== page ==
Let’s stop the human traffickers, says UNHCR

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Vincent Cochetel, UNHCR's Special Envoy for the Central Mediterranean, called for the “naming and shaming” of known smugglers operating in Libya. Photo: UN Photo/Daniel Johnson

Human-trafficking is on the rise in Libya but too little is being done to shut down the multi-million dollar criminal industry, the UN Refugee Agency (UNHCR) said on Monday.

With data showing that the number of people arriving in Europe from the North African state continues to rise, the agency has called for action against armed gangs that control the practice.

Libya has been torn apart by violence since the overthrow of President Muammar Gaddafi in 2011, but its strategic location continues to attract large numbers of migrants and refugees.

Daniel Johnson has more.

The UN Refugee Agency says that around half of those travelling to Libya believe they can find work there.

The reality is that ongoing conflict and instability have created an environment where it's too dangerous to stay, UNHCR says in a new report.

That's because a culture of impunity rules in much of the country, where people smugglers take advantage of economic migrants or refugees – holding them hostage in illegal detention centres and demanding money from their families.

Vincent Cochetel is UNHCR's Special Envoy for the Central Mediterranean.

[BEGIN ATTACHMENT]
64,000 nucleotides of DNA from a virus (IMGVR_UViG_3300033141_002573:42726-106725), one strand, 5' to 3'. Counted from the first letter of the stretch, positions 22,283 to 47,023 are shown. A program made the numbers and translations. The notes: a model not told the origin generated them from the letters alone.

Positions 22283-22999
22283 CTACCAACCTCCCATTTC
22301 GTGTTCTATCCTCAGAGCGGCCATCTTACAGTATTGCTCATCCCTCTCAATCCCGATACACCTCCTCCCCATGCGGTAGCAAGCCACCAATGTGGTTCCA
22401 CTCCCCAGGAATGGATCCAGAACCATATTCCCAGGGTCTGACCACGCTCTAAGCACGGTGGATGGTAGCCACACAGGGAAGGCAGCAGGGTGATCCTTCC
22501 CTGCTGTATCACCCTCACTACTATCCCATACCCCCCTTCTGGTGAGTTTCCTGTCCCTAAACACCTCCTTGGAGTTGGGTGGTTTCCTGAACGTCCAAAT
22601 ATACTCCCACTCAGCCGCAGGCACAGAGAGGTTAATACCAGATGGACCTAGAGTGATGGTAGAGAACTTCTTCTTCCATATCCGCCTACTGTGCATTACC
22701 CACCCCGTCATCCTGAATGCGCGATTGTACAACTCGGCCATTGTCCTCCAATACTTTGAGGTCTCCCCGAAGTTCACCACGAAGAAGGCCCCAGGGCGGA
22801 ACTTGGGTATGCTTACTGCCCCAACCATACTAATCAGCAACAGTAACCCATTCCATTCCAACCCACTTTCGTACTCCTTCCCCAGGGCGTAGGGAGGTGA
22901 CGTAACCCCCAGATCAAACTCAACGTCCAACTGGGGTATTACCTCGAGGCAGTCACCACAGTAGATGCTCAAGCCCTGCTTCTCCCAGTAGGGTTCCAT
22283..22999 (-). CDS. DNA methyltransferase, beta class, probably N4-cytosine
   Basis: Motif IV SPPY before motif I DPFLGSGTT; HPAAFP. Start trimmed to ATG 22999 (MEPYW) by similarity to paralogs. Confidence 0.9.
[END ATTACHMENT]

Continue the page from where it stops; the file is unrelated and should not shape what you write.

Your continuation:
The agency is calling for Libya's neighbours to do more to prevent their nationals from heading to the unstable North African state.

"We should not dream about what can be achieved by humanitarian organisations like UNHCR, IOM, like other organisations, we can certainly do a bit more than we were able to do three months ago, but conditions remain very difficult in terms of access to those in detention, those outside of detention."

So far this year, the number of migrants and refugees arriving in Italy is 19 per cent higher than this time 12 months ago – nearly 85,000 in total.

Libya has become the most common departure point and UNHCR's Vincent Cochetel said it was about time the armed gangs who control the "multi-million dollar industry" were stopped.

He said that the gangs which controlled access to Libya's beaches were the same ones which sell illegal oil, and which also ship arms that end up in Mali.

The Libyan authorities had only "a limited capacity to impose law and order" but that did not mean that UN and European Union sanction committees could not to take action against known smugglers, Mr Cochetel insisted.

Daniel Johnson, United Nations, Geneva

Duration: 1’42″

 

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